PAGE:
Southern Cross

In those days, it seemed like every idea I had came true.

That’s living on the road, but only if you can let up enough control to let it in. Strangers are different when you’re just passing through. They know they won’t have to deal with the real you next month, so they’re kinder and more interested, like a one-night-stand… easy to ignore the incompatibilities to get the quick high. Anyway, a new friend knew a friend and here I was sitting shotgun next to a bonafide Alaskan bush pilot. On our way to land in a glacial lake with pontoons hanging from the plane’s bowels. How fucking cool.

Too bad I’ve been a nervous flyer since my childhood. My mom got so scared once on a flight to Florida, that from there on out I thought I should be scared too. So I was enjoying this bush flight more than almost anything and wanting it to be over at the same time. Jack, the pilot, was anything but nervous. He had two kids and an Argentinian wife and a strong new engine – he was very proud of that engine – so all he was thinking about was getting home for dinner. Just an ordinary Tuesday. He said his wife would kill him if he wasn’t home for dinner, which I found funny, because he’d probably be dead already if he wasn’t home in time.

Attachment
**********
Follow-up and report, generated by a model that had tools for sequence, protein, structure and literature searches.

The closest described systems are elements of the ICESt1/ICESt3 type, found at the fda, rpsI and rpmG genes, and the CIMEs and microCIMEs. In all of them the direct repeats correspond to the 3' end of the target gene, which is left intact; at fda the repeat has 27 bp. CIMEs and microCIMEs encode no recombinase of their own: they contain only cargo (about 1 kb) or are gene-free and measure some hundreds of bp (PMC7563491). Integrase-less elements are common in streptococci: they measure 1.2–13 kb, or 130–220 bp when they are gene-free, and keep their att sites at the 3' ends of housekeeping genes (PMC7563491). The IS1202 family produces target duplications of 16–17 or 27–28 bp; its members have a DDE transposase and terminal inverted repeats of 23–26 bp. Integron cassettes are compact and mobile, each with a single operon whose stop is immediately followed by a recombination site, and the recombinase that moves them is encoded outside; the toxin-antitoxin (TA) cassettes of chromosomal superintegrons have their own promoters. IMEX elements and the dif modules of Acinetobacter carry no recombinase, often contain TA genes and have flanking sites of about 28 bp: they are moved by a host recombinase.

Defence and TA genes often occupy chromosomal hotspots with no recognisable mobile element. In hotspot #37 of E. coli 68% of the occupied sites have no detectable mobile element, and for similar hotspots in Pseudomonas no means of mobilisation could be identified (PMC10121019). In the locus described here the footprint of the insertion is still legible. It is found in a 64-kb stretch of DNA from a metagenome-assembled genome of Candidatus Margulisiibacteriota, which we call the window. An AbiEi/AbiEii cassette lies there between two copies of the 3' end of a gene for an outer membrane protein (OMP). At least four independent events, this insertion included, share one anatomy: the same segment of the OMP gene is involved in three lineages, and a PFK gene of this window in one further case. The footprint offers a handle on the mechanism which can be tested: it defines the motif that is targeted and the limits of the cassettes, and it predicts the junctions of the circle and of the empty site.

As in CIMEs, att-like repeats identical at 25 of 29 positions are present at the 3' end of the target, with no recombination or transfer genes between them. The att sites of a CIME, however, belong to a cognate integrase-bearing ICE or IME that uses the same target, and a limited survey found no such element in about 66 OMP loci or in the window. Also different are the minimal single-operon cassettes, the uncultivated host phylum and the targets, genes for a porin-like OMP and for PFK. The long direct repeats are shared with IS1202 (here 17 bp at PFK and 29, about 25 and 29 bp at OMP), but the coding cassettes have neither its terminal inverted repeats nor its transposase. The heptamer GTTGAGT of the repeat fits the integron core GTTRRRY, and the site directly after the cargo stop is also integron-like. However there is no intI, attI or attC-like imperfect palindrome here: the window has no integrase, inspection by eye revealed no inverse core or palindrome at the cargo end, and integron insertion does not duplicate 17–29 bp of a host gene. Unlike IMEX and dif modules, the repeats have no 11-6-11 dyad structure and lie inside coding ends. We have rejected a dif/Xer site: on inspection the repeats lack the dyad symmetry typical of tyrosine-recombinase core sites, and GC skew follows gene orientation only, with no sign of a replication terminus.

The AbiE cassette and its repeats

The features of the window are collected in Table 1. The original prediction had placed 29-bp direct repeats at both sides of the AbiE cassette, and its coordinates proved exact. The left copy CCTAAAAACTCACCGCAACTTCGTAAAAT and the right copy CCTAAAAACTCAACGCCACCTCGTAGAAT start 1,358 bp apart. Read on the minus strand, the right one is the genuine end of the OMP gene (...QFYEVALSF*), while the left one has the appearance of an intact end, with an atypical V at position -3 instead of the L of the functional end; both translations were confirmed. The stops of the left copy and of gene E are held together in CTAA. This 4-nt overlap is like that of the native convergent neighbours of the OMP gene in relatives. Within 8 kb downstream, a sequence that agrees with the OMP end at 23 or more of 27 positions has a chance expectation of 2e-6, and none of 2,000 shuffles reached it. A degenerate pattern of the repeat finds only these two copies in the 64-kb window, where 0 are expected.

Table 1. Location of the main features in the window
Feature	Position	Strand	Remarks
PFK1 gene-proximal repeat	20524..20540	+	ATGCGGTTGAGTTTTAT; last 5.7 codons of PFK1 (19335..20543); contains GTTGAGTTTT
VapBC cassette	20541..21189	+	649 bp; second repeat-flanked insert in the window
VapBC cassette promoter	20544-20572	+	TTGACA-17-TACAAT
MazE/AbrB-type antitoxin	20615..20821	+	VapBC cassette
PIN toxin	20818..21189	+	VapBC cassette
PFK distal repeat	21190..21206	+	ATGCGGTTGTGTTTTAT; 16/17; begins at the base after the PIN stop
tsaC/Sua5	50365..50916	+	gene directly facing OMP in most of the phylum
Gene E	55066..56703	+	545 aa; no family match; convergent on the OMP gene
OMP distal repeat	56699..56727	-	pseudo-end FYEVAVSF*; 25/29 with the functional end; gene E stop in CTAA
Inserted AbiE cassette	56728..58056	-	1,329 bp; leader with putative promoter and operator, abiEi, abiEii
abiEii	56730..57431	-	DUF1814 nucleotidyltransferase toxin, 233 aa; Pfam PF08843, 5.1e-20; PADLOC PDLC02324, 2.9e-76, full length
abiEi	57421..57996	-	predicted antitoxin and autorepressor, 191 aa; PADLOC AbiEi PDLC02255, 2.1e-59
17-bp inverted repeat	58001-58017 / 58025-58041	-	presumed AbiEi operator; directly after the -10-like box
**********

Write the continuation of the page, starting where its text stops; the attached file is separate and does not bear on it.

Jack landed us next to an iceberg, idled over to the land, and tied the plane to a tree. He was armed with a 12-gauge-pump shotgun for shooting rogue bears and I was armed with a tripod for the same reason. We didn’t see any bears on our walk, but when we got back airborne we saw plenty of moose. Probably a hundred of them. Just moos’ing around down in the marshy muck. Jack brought the plane down to 200 feet and banked left and then right, left and then right, following the river’s wanderings. I had never done that in a plane and it felt good. Like freedom. I put Crosby, Stills & Nash “Southern Cross” on our headsets, which put out great sound despite the growl of that great engine. The first chords started playing. I looked over at Jack and he nodded. For the next few minutes we were no longer strangers.